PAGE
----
During NASCAR’s routine post-race tear down of Matt Kenseth’s race-winning car and engine from Kansas Speedway,” he stated, “One of our engine connecting rods weighed in approximately three grams under the legal minimum weight of 525 grams. None of the other seven connecting rods were found to be under the minimum weight. We take full responsibility for this issue with the engine used by the No. 20 Joe Gibbs Racing (JGR) team this past Sunday in Kansas — JGR is not involved in the process of selecting parts or assembling the Cup Series engines. It was a simple oversight on TRD’s part and there was no intent to deceive, or to gain any type of competitive advantage. Toyota is a company that was built on integrity, and that remains one of the guiding principles of the company. The goal of TRD has always been — and will continue to be — to build high-performance engines that are reliable, durable and powerful, and within the guidelines established by NASCAR.”
Kenseth, who has led 482 laps this season, two higher than his total last year has been one of the strongest competitiors on the Sprint Cup track in 2013. His engines have also passed several previous inspections.
Johnny Sauter Penalized For Fuel Cell Infraction At Kansas
posted by Thomas Bowles
Wednesday April 24, 2013
Thorsport Racing, along with former Truck Series point leader Johnny Sauter are reeling this Wednesday after a major penalty involving their No. 98 Toyota. On Wednesday, NASCAR announced the team was fined $10,000, crew chief Joel Shear has been suspended for four races and 25 owner points were taken away as a result of a faulty fuel cell, confiscated during pre-race inspection at Kansas. Driver Sauter was also hit was a loss of 25 points, completely reshaping the championship Chase heading into the next race of the season at Charlotte May 17th.
According to NASCAR officials, the team violated multiple sections of the rulebook. The key ones involve Section 20B-16 and 20B-16.1B, regarding the proper size and functioning of fuel cells. “Once a fuel cell or fuel cell components have been certified,” the rules say, “Modifications of any kind will not be permitted.” The 16.1B portion refers to black safety foam, with a minimum height of eight inches that must be used as a safety mechanism when putting together the fuel cell itself. By violating that rule, NASCAR is insinuating the team modified or enhanced the cell in some way by cutting back / replacing that foam.
Section 12-1, actions detrimental to stock car racing was also listed as a rules violation along with 12-4K, which gives NASCAR Officials the leeway to penalize teams when they feel previously legal equipment was modified, in any manner after being initially inspected.
Thorsport, as of yet has not said whether they plan to appeal. The penalties mean Matt Crafton becomes the new Truck Series point leader, by 13 over Jeb Burton while Sauter gets pushed back into a tie for second place.
What To Watch In NASCAR: Tuesday 4/23/13
posted by Thomas Bowles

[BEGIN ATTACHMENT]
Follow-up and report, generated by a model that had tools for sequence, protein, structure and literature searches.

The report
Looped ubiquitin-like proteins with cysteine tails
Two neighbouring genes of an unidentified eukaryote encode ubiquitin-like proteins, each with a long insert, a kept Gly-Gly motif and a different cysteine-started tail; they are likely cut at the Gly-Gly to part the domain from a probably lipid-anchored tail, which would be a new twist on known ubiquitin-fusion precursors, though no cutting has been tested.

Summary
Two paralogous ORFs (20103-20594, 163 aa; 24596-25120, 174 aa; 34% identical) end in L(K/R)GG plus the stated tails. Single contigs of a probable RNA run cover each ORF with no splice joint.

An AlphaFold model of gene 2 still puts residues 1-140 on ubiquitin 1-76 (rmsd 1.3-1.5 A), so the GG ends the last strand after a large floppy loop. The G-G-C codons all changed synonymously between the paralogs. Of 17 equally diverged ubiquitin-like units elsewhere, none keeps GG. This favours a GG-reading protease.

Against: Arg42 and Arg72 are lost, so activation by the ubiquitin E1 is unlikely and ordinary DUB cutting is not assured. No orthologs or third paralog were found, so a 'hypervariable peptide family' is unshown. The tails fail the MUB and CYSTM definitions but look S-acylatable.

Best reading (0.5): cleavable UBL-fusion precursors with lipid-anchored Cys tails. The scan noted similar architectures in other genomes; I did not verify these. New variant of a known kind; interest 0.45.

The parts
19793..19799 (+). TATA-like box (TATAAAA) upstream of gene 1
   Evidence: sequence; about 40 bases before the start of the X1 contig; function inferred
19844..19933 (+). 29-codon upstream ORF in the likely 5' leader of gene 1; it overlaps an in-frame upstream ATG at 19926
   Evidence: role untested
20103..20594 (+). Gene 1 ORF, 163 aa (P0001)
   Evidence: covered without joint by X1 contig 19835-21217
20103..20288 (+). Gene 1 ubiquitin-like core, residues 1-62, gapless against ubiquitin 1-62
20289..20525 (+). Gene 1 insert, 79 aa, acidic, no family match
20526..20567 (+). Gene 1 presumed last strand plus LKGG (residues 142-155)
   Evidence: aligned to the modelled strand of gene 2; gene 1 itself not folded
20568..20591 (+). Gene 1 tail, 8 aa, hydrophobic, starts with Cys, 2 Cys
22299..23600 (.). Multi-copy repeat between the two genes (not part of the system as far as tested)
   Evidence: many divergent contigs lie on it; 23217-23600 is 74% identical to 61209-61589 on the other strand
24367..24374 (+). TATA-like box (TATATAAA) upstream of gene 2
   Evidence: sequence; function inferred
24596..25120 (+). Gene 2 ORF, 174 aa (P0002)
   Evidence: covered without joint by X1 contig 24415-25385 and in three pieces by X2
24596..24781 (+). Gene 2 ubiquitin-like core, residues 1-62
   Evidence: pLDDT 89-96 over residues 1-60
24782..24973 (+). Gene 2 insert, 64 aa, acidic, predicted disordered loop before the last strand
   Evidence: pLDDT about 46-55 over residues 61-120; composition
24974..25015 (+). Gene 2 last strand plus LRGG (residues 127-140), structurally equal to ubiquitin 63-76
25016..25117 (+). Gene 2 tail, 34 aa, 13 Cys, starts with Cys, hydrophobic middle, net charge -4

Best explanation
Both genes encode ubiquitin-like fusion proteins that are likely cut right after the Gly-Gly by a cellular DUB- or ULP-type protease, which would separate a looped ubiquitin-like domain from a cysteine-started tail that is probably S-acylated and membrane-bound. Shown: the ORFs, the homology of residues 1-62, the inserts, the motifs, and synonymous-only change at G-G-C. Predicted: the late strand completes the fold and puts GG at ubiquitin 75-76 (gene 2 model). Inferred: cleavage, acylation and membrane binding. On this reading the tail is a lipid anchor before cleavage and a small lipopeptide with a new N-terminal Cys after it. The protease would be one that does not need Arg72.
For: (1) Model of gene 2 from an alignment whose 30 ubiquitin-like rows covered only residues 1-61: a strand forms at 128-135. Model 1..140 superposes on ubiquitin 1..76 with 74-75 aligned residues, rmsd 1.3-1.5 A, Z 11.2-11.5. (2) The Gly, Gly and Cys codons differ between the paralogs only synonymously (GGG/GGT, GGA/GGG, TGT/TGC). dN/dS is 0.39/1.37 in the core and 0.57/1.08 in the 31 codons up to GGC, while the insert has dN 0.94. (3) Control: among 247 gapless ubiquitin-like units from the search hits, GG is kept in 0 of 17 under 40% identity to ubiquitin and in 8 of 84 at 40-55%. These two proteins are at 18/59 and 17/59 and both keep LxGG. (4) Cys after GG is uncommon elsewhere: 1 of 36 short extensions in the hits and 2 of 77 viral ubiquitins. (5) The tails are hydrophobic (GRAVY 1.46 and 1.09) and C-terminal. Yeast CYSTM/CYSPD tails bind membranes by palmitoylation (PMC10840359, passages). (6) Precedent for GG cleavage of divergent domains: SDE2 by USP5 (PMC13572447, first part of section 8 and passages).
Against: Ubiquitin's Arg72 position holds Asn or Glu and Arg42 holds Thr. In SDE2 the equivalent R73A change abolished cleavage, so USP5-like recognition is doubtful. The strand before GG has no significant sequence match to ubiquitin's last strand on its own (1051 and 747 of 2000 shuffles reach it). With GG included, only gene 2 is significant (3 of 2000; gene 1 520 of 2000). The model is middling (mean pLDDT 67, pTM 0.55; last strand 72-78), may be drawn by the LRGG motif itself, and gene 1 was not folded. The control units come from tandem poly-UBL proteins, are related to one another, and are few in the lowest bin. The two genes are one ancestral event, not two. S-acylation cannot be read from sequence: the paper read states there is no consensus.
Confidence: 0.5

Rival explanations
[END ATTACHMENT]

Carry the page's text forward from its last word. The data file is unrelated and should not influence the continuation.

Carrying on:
Tuesday April 23, 2013
- As usual, it’s penalty day in NASCAR and the biggest bulls-eye lies on the No. 98 Truck driven by Johnny Sauter. The current series point leader, Sauter’s fuel cell was confiscated following pre-race inspection in Kansas, a move that’s led to fines, penalties, and crew chief suspensions in the past. Sauter is currently 12 points in front of teammate Matt Crafton in the championship chase.
- Clint Bowyer of Michael Waltrip Racing will hold a national teleconference with reporters. Bowyer, ninth in the series standings has gotten his 2013 season back together after a rough start. Fifth at Kansas, his hometown track he’s now got three top-5 results in his last five Sprint Cup events.
- Denny Hamlin is expected to meet with doctors, following X-Rays to determine if he has medical clearance to race at Richmond. Hamlin has been out for about a month, since a last-lap crash into a non-SAFER, inside wall at Fontana resulted in an L1 Compression Fracture of his lower back March 24th.
- Charlotte Motor Speedway will have a series of announcements concerning the Coca-Cola 600 race the Sunday of Memorial Day Weekend. Among the items on the docket: a special set of pre-race ceremonies, plans for a unique “Welcome Home” presentation for U.S. Military returning from overseas and additional news regarding partner Coca-Cola. Joey Logano and Charlotte Motor Speedway President Marcus Smith will be among those on hand for reporters.
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Does this win seal Matt Kenseth’s legacy as one of the greatest drivers in recent history?
Without a doubt. In 328 starts, Matt Kenseth has established himself as one of the best drivers of this era. By winning the 2009 Daytona 500 and the 2003 Sprint Cup championship, he joins an elite list of just eleven other men to have earned both titles (Most Recent: Jimmie Johnson, 2006). Other honors for Kenseth since joining the Cup Series full-time in 2000 include: 17 wins, Rookie of the Year honors, one of only two drivers to make the Chase every year since the format’s existence (Johnson is the other), and the record for most consecutive weeks atop the points standings (33). He may not be the world’s flashiest wheelman… but the numbers are there.
Harvick summed up Kenseth’s career best in a post-race press conference.